PTI-led coalition government highly likely in 2018 elections, new study shows

  • The Imran Khan-led party would bag 99 seats of the National Assembly, while the PML-N is expected to win 72 lower house seats
Pakistan

LAHORE – Pakistan is all set to mark the historic second consecutive democratic transition of power in the upcoming general elections to be held on July 25.

Amid claims of clinching victory by all major political parties in the polls, a research conducted by AKD Securities Limited gave a snapshot of results showing which political party could make next government in the country.

The survey forecasts Pakistan Tehreek-e-Insaf’s major lead over all other parties, including Pakistan Muslim League-Nawaz (PML-N) and Pakistan Peoples Party (PPP). The recent study indicates the Imran Khan-led party would bag 99 seats of the National Assembly, while the PML-N is expected to win 72 lower house seats.

It adds, “Filters through litigation against graft as well as weak performance and media trials over the past year have polarized the political landscape ahead of the 2018 General Elections”.

Predicting hung parliament, it said: “Our constituency-wise mapping exercise which involved visiting districts in Punjab and speaking with political observers as well as members of prominent families/tribes in other provinces to measure sentiment (supported by our statistical seat prediction model and Monte Carlo simulations) shows that no single party is likely to win an absolute majority to form Government at the center”.

In this situation, the PTI would make a coalition government with support from national parties along with independents or join hands with PPP to lead the government in the centre, the survey company said, adding, “PML-N leads the coalition with support from PPPP considering they could bond together under a common persecution theme along with provincial parties and independents”.

Without a clear majority, PML-N would also need able coalition partners (seat adjustments likely with PPPP, MMA, MQM, PSP and others) to form the government at the center, a scenario which appears to be less likely based on the dilution of its vote bank in northern & southern Punjab, in our view.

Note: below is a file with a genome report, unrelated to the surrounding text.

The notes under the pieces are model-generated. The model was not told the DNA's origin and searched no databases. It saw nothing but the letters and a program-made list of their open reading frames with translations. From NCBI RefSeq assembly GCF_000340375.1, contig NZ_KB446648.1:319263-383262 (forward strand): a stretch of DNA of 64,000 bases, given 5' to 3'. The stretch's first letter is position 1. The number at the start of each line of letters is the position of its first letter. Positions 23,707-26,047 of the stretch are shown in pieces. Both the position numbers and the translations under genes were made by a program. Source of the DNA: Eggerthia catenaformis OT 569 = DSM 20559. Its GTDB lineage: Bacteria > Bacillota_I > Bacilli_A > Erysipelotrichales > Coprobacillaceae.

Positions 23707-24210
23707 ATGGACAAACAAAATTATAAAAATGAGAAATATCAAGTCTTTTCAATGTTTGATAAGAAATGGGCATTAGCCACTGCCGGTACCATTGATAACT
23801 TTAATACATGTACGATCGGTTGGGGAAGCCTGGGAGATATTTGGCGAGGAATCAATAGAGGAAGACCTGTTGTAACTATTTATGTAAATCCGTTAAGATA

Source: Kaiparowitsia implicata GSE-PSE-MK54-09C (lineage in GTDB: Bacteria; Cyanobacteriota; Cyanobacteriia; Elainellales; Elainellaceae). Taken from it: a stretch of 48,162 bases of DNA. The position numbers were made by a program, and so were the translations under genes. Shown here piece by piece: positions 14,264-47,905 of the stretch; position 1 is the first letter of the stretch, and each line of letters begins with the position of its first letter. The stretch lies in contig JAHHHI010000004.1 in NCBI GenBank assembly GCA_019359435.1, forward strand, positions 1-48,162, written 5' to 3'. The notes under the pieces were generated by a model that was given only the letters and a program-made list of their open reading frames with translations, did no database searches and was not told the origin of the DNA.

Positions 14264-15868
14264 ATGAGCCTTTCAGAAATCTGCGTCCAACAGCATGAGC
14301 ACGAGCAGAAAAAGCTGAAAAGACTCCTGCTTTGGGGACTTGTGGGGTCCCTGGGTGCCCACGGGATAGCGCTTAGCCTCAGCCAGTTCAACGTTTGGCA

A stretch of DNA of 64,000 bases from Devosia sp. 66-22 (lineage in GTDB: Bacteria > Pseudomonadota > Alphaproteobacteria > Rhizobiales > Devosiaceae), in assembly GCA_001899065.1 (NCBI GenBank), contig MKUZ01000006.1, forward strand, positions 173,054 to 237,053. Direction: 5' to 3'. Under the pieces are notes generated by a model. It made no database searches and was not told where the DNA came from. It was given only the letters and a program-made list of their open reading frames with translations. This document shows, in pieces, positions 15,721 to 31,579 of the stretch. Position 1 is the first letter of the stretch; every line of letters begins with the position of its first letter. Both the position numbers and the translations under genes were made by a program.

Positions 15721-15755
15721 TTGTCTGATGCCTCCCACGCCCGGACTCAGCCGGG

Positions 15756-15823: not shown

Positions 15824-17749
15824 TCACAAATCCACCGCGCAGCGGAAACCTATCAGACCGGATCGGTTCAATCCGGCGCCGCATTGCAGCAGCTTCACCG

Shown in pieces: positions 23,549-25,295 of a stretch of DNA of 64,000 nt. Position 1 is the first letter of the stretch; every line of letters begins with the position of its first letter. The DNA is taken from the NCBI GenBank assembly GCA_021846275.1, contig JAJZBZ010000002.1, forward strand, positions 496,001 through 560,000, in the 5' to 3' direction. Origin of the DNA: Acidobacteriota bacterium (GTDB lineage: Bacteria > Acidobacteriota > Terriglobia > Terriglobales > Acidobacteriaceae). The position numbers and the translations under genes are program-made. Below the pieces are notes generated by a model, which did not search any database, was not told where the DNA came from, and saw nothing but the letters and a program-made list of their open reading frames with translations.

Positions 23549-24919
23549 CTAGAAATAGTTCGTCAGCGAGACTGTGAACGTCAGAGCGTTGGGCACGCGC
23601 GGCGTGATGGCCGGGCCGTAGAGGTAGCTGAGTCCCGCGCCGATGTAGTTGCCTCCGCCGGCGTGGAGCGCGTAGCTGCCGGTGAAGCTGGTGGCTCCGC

Unfolding the expected province-wise results, the opinion polls predict, “In Punjab, we see the Shahbaz Sharif led PMLN and Khan’s PTI in a photo finish race in Punjab with our three-pronged approach (constituency mapping, Seat Prediction Model and Monte Carlo Simulation exercise) showing the PML-N to secure 66 NA seats (47% of the province representation), followed by PTI with 64 NA seats”.

In Sindh, the PPPP would retain its dominance by securing 30 NA seats supported by wider candidacy and visibility of electables i.e. limitation of candidate options outside urban Sindh (vs. 32 NA seats in the 2013 election) while the MQM-P is expected to lose key urban seats to PSP (former members with electability of unified MQM ), PTI and the PPPP in Karachi and its urban districts taking its total expected NA seat representation to 13 across the province of Sindh.

 

In Khyber Pakhtunkhwa, the PTI expected to be voted back into power with 24 lower house seats as compared to 17 in 2013.

Moreover, the recent delimitation exercise – adding four more NA constituencies to the KPK province – is a significant positive for PTI as the newly added constituencies are under PTI strong-hold areas further adding to likely re-election of PTI from KPK.

That said, the coalition of religious parties (JI & JUI-F) in the garb of the revived MMA (ruled KPK from
2002-08 under the Musharraf regime) could get eight seats.

 

Historically, there have not been many instances where a single party has been able to represent Balochistan on a national level adding to the lack of political identity of the province. Political participation has been minimal with economic and social issues of the province undermined by decades of ethnic and sectarian violence.

The survey shows Pakhtunkhwa Milli Awami Party (PkMAP) would get 3 seats, MMA 3, Balochistan National Party (BNP) 2 and the National Party (NP) 2.